A David vs. Goliath battle is taking shape in Indianapolis as citizens prepare to vote this fall on a controversial tax increase to upgrade public transit.
On one side: the Indianapolis Chamber of Commerce, IndyGo bus officials and hired guns touting the benefits of an all-electric rapid bus line that would eventually link Westfield in Hamilton County to Greenwood in Johnson County via downtown Indianapolis.
On the other: a rag tag group of citizens who’ve done their own cost-benefits analysis and are persuaded the project will do more harm than good. They say the plan was designed expressly to leverage federal transit funds without consideration of what would be best for Indianapolis.
It will be the first referendum conducted under Senate Bill 176, passed in 2014, which authorized six central Indiana counties to place on their ballots “local public questions” for funding a regional mass transit initiative. The counties are Marion, Hamilton, Hancock, Johnson, Delaware and Madison.
Indy voters are being asked to raise their local option income tax by .25 percent to fund the Marion County part of the plan. Estimated cost? At least $400 million for physical structure and equipment and $108 million a year in operating expenses.
The plan calls for extended service hours and shorter wait times and establishes three rapid bus corridors. Most controversial is the Red Line, which will run on a dedicated traffic lane through historic neighborhoods flanked by ticket kiosks and 60-foot loading platforms.
The vote is a critical first test for the entire regional transit plan, which opponents predict will consume far more tax dollars than projected. On June 28, officials in Hamilton County decided to wait and see what Marion County voters do before conducting their own $17 million referendum.
IndyGo officials insist the first phase of the Red Line — 13.6 miles from Broad Ripple to the University of Indianapolis — will move forward regardless of how the referendum turns out. That’s due to the availability of $75 million in federal grant money to cover the bulk of construction costs. Opponents say that position is shortsighted.
“Increased taxes for mass transit won’t improve Indy’s deplorable transit system and may thwart real progress on public transit,” notes Lee Lange, a property manager along the route who’s helping spearhead opposition.
Lange cites a study by Randal O’Toole of the Cato Institute, which questioned the economic and environmental assumptions behind the Red Line. O’Toole, an adjunct scholar of the Indiana Policy Review Foundation, said the plan would “turn street space now used by cars, trucks and buses into exclusive bus lanes that will be empty more than 90 percent of the time.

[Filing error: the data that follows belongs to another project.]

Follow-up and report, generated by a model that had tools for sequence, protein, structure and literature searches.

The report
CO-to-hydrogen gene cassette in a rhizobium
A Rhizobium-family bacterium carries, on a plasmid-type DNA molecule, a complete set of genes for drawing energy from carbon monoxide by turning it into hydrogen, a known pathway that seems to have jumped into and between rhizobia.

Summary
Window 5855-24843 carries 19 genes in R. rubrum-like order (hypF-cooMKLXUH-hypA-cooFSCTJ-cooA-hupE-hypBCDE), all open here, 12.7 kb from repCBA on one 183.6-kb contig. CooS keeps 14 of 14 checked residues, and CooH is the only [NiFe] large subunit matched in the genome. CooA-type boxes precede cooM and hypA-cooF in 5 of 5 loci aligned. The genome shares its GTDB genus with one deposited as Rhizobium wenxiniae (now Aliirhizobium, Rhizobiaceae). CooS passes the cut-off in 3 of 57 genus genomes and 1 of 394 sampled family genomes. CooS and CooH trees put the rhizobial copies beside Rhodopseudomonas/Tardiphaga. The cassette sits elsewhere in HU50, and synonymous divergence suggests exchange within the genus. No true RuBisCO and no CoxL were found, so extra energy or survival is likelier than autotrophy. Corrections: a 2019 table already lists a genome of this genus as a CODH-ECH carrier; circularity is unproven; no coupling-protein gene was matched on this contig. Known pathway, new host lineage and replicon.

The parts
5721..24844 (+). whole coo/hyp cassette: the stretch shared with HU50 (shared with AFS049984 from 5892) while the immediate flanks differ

“The few people who ride the buses would go a little faster while far more people who continue to drive would face more congestion.”
Indy Chamber President Michael J. Huber says the transit plan will make Indianapolis more competitive economically. The expansion of the IndyGo network will triple the number of people and double the number of jobs within a five-minute walk of a key bus route, he said.
Promoters of the referendum have history on their side. Nationally voters have approved 125 out of 172 tax increases for local mass transit during the past four years, a success rate of 73 percent, according to the Center for Transportation Excellence, an advocacy group for mass-transit spending.
Supporters enjoy deep pockets and are prepared to invest in face-to-face marketing and TV ad buys. Indy Connect, a regional transit partnership, has hired college students to talk up the plan at summer fairs and other public events. The students wear blue T-shirts with the words “Ask me about Transit” across the front.
“Stop the Red Line” organizers say they will run a grass-roots campaign to counteract the slick marketing message put out by the promoters. Lange says the group isn’t ready to share its strategy.
Their message, however, will be clear. Lange says the budget numbers put out by IndyGo and Indy Connect don’t add up. Even with an income tax increase, the bus system won’t be able to cover future operating expenses without doubling bus fares, hurting the very people mass transit is supposed to help.
Another factor could skew the vote. A contentious presidential election between Donald Trump and Hillary Clinton is likely to draw high turnout; infrequent or first-time voters may look askance at a tax increase or overlook the ballot question altogether.
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Andrea Neal is an adjunct scholar with the Indiana Policy Review Foundation. Send comments